Left: small tsubo, 壺, jar, soft paste ceramic, with iro-e kusa-bana-mon, 色絵草花文, color-picture grass-flower-design, Satsu-ma yaki, 薩摩焼, Salvation-polish fired, right: opposite side of the jar, by Tai-zan Yo-he-i, 帯山与兵衛, Sash-mountain Give-soldier-defense, mid-19th century; h. 2.6 sun kane-jaku. When using a black lacquered natsume, 棗, jujube, for preparing koi-cha, 濃茶, thick-tea, it is the custom to use a container unlike a natsume as an usu-ki, 薄器, thin (tea)-container. Therefore, the choice of the highly decorative Satsuma jar is the container for thin tea powder. The jar is appropriate for the season as it is decorated with designs of autumn flowers; hagi, 萩, bush clover, nadeshi-ko, 撫子, stroke-child, pink, kiku, 菊, chrysanthemum, etc.
Aki no nana kusa, 秋の七草, autumn ’s seven grasses, are an Asuka period gathering of flowers of the autumn season, several of which are depicted on the Satsuma jar. There is a spring assembly of plants called haru no nana kusa, 春の七草, spring’s seven grasses, which are young herbs chopped and blended into a rice gruel, kayu, 粥.
The bowl was made for the 750th anniversary of the founding of Kō-san-ji, 高山寺, High-mountain-temple. The design of the hare is taken from the temple’s great 13th century treasure of the ‘Chō-jū-gi-ga’, 鳥獣戯画, Bird-beast-frolic-picture, picture scroll of drawings of animals enacting and characterizing human behavior. The potter, Kondō, was a Living National Treasure. The chawan was a gift from the wife of abbot of Kōsanji.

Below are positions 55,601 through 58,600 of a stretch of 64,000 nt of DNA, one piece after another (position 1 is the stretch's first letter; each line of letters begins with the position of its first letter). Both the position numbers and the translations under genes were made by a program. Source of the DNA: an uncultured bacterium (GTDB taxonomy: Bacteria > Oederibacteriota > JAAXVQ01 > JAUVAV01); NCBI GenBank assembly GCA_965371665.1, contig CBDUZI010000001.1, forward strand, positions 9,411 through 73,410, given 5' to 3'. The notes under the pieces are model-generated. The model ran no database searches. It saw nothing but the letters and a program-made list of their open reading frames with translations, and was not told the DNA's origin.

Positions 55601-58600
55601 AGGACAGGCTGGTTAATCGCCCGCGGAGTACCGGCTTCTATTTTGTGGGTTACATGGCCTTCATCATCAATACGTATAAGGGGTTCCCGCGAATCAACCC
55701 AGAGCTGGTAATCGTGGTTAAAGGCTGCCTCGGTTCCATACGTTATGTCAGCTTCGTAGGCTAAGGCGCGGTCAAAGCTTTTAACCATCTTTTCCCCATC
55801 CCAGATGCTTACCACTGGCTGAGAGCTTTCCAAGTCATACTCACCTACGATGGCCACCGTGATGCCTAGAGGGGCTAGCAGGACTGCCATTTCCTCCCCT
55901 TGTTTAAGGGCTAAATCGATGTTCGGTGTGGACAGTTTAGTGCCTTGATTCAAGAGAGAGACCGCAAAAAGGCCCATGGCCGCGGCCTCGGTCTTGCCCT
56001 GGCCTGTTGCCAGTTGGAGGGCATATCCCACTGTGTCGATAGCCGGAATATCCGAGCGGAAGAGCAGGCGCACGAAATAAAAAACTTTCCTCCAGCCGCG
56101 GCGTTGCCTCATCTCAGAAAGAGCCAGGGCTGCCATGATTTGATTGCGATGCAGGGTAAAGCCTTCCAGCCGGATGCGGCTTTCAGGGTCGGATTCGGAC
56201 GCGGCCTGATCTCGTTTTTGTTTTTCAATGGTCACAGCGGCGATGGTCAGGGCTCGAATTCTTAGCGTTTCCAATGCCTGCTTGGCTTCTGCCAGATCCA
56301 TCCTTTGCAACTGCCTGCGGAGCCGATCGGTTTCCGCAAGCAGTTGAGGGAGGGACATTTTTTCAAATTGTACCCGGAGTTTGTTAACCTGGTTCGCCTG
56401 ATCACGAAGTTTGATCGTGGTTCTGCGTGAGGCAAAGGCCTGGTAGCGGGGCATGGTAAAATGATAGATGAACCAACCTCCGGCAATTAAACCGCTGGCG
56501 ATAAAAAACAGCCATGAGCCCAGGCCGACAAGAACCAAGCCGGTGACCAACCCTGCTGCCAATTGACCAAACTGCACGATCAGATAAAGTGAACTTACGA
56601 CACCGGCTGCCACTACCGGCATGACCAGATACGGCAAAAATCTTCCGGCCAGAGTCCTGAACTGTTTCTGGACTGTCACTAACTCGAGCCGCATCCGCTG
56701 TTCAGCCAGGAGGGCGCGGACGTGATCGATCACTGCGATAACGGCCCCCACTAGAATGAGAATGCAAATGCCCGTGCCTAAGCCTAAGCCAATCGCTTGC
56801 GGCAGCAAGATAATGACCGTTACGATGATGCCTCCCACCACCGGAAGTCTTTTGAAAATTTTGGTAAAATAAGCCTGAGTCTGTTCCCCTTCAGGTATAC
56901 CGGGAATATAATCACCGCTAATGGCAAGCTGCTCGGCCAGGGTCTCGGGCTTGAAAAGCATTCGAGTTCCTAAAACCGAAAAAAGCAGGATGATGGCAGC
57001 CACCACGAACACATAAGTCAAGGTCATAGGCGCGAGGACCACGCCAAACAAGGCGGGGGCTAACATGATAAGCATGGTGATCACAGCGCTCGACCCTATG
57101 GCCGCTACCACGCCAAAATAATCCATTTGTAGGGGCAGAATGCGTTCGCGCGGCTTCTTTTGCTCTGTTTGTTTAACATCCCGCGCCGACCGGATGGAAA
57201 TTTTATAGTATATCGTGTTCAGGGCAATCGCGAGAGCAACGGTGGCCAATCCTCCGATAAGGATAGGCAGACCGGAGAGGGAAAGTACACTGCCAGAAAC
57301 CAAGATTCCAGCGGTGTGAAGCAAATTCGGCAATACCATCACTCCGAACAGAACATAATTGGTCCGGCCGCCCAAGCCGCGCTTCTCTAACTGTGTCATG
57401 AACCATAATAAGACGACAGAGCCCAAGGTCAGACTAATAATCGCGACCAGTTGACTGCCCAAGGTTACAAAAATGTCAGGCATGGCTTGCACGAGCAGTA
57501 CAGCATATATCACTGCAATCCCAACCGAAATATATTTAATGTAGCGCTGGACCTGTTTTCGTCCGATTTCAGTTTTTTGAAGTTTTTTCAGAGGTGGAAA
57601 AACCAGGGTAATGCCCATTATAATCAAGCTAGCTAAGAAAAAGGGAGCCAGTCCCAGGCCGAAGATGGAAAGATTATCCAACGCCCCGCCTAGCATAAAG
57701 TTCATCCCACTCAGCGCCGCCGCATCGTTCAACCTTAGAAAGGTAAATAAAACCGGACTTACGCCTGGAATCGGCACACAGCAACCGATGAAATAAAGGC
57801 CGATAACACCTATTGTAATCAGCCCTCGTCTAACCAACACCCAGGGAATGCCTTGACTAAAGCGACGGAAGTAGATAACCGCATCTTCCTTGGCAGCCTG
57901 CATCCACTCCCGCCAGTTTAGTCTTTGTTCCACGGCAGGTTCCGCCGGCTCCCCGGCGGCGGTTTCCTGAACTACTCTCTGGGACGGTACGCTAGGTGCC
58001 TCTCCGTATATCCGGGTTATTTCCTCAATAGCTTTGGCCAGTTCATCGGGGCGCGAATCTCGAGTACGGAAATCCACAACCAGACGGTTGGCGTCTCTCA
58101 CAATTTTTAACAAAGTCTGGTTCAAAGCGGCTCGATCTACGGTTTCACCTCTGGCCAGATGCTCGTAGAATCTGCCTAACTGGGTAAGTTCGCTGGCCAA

The temple of Kōsanji is located in the northwest Kyōto at Toga-nō, 栂尾, Hemlock-tail, and was founded 1206 by Myō-e, 明恵, Bright-enlightenment. In 1191, his friend, Ei-sai Zen-shi, 栄西禅師, Splendor-west Zen-master, had brought tea seeds from China, gave them to him, who planted them on the temple grounds. Eisai also introduced the Zen sect to Japan. There is some confusion about the reading of the name of the temple – Kō-san-ji and Kō-zan-ji. The temple itself reads the name Kōsanji.
Utensils for playing Ka-getsu, 花月, Flower-moon, from left: ori-sue, 折据, fold-set, paper folder, and fuda, 札, ‘cards’. Right: fuda, 札, cards, with design of a hana, 花, flower, tsuki, 月, moon, and the numbers ichi, 一, one, ni, 二, two, san, 三, three. Kagetsu and the other Tea exercises can be enjoyed at any time of the year.
The moon plays a role in Chanoyu in the ceremonial presentations of Tea called Shichi-ji-shiki, 七事式, Seven-matter-ceremony. These exercises were created in the 18th century by the 7th generation master of Omote-sen-ke, 表千家, Front-thousand-family, Jo-shin-sai, 如心斎, Like-heart-abstain, and his younger brother Yū-gen-sai, 又玄斎, Again-mystery-abstain, who became the 8th generation master of Urasenke. They worked together with their Zen master Mu-gaku Sō-en, 無学宗衍, No-learn Sect-overflow, abbot of Gyoku-rin-in, 玉林院, Jade-grove-temple, of Dai-toku-ji, 大徳寺, Great-virtue-temple, Kyōto.